Edmund Burke said that “there were Three Estates in Parliament; but, in the Reporters’ Gallery yonder, there sat a Fourth Estate, more important far than they all”. Decades later, Thomas Babington Macaulay wrote: “The gallery in which the reporters sit has become a fourth estate of the realm.” Shimon Shetreat’s Judges on Trial (1977) is an acclaimed classic. He wrote: “The press plays an important role in checking judicial behaviour, as vividly described by Lord Denning: ‘In every court in England you will, I believe, find a newspaper reporter ... He notes all that goes on and makes a fair and accurate report of it ... He is, I verily believe, the watchdog of justice... He [the judge] will be more anxious to give a correct decision if he knows that his reasons must justify themselves at the bar of public opinion.... If there is any misconduct on [his] part, any bias or prejudice, there is a reporter to keep an eye on him.’

“The importance of the press in the checking of judicial conduct cannot be exaggerated. It is to be noted that only the press constantly and publicly criticises judicial conduct” (page179). Legislators are restricted.

Surrogate for the public

Judicial rulings recognise the press’ status and role. The United States Supreme Court accepted the role of the media as a surrogate of the public in the exercise of its right to be informed of current events—of its right to know.

A public TV station, KQED, which had exposed abuses in prisons in the San Francisco Bay area, demanded unfettered access to the Santa Rita jail but secured only a limited right of access. A fine balance was struck in the governing judgment of Justice Potter Stewart: “A person touring Santa Rita jail can grasp its reality with his own eyes and ears. But if a television reporter is to convey the jail’s sights and sounds to those who cannot personally visit the place, he must use camera and sound equipment. In short, terms of access that are reasonably imposed on individual members of the public may, if they impede effective reporting without sufficient justification, be unreasonable as applied to journalists who are there to convey to the general public what the visitors see.”

In 1980, in the famous Richmond Newspapers case, a near-unanimous Supreme Court upheld the Stewart logic. Chief Justice Berger said: “Instead of acquiring information about trials by first-hand observation or by word of mouth from those who attended, people now acquire it chiefly through the print and electronic media. In a sense, this validates the media claim of functioning as surrogates for the public. While media representatives enjoy the same right of access as the public, they often are provided special seating and priority of entry so that they may report what people in attendance have seen and heard.” ( Richmond Newspapers Inc. vs Virginia; 448; U.S. 555.)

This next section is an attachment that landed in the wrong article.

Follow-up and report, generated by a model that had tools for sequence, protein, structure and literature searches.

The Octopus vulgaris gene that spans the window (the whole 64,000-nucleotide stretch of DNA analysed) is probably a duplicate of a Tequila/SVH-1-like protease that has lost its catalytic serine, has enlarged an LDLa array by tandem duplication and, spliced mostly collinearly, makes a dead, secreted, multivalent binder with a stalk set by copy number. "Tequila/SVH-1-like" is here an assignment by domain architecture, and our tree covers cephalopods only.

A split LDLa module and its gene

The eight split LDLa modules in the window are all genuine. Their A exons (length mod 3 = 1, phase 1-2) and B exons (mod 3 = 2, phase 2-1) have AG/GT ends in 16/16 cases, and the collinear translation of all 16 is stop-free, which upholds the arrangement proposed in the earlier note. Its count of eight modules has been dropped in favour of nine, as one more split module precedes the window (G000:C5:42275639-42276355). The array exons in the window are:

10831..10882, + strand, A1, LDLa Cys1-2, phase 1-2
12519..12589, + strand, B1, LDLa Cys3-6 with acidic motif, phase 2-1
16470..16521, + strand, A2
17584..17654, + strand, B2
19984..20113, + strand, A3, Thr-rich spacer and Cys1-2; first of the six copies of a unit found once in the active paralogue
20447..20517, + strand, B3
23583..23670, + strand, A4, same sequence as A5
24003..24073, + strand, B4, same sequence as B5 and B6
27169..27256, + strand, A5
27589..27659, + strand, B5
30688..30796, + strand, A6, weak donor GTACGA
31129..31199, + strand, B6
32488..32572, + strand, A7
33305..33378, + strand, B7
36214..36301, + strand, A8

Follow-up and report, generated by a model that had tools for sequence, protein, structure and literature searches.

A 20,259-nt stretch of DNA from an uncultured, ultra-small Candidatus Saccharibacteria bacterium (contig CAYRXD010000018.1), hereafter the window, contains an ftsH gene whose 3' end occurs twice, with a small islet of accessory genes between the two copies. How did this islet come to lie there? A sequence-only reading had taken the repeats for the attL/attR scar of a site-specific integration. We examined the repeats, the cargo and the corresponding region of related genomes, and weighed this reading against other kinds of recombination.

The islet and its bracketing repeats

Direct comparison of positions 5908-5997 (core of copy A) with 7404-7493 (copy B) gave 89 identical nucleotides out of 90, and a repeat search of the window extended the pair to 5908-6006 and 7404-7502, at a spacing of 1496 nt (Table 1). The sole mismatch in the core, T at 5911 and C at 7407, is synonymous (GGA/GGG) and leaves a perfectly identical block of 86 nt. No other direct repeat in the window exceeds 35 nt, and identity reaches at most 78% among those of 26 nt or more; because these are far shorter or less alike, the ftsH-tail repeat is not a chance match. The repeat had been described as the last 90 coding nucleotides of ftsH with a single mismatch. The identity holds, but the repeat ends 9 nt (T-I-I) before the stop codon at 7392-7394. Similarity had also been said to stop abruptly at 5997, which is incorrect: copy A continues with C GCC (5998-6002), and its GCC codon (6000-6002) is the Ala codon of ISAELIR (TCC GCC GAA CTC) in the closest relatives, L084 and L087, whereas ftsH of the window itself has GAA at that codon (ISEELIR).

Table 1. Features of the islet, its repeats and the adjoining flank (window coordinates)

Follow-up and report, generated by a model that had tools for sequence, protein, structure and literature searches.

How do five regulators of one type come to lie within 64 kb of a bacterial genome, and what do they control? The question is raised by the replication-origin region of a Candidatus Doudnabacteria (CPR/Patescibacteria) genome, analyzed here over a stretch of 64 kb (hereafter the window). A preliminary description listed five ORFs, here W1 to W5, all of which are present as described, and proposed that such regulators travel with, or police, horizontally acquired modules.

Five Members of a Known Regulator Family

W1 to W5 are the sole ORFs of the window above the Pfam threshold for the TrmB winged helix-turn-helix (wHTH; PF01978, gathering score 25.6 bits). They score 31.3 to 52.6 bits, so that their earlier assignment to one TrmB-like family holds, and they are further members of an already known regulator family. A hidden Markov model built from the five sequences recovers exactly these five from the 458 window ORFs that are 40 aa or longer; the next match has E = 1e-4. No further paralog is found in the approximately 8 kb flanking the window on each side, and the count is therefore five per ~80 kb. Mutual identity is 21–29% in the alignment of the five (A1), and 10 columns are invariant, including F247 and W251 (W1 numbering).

In an article in Young India, on September 19, 1929, Mahatma Gandhi sharply censured the Chief Justice of the Patna High Court for “becoming the framer of a gratuitous indictment against lawyers and their clients”. In the Harijan of April 2, 1940, he censured two English judges of the Allahabad High Court for making a sweeping generalisation which was wholly unjustified. “What legal basis had these two judges for the sweeping statement made by them as to the character of a whole nation? The inference is that in other countries a higher value is placed upon truth. Now if this was a universally accepted proposition, perhaps the judges would have been justified in taking legal notice of it. There is, however, not only no such acceptance but experienced observers have testified that on the whole, greater value is put upon truth in India than elsewhere. But no judge should be influenced one way or the other by such observations as have no judicial value. I would go further and say that such observations ought not to be made by any responsible person, even on political platforms. They can never be proved. But when they are made by judges they vitiate their judgments and may lead to miscarriage of justice. Be it noted that the Allahabad judges have made use of their bias in coming to their decision and have thus proved their incapacity to hold responsible posts.”

Lord Woolf was a highly respected Lord Chief Justice. The Times wrote of him on March 10, 2004, in terms which some judges in India might find shocking: “Lord Woolf cannot quite make up his mind whether he is a liberal reformer or the shop steward for the only trade union in this country whose members wear wigs and not hard hats or cloth caps.”

James Dalrymple collected some nine cases of trial judges who made silly or offensive remarks and wrote of them in The Sunday Times in these scathing terms: “The theory is that beneath the ludicrous half-a-pound of permed horsehair there should lie a mind free of prejudice and capable of cool judgment. At best there should be old-fashioned common sense. Yet, again and again, we see glaring examples that this is not the case with some of the judges who control our courts.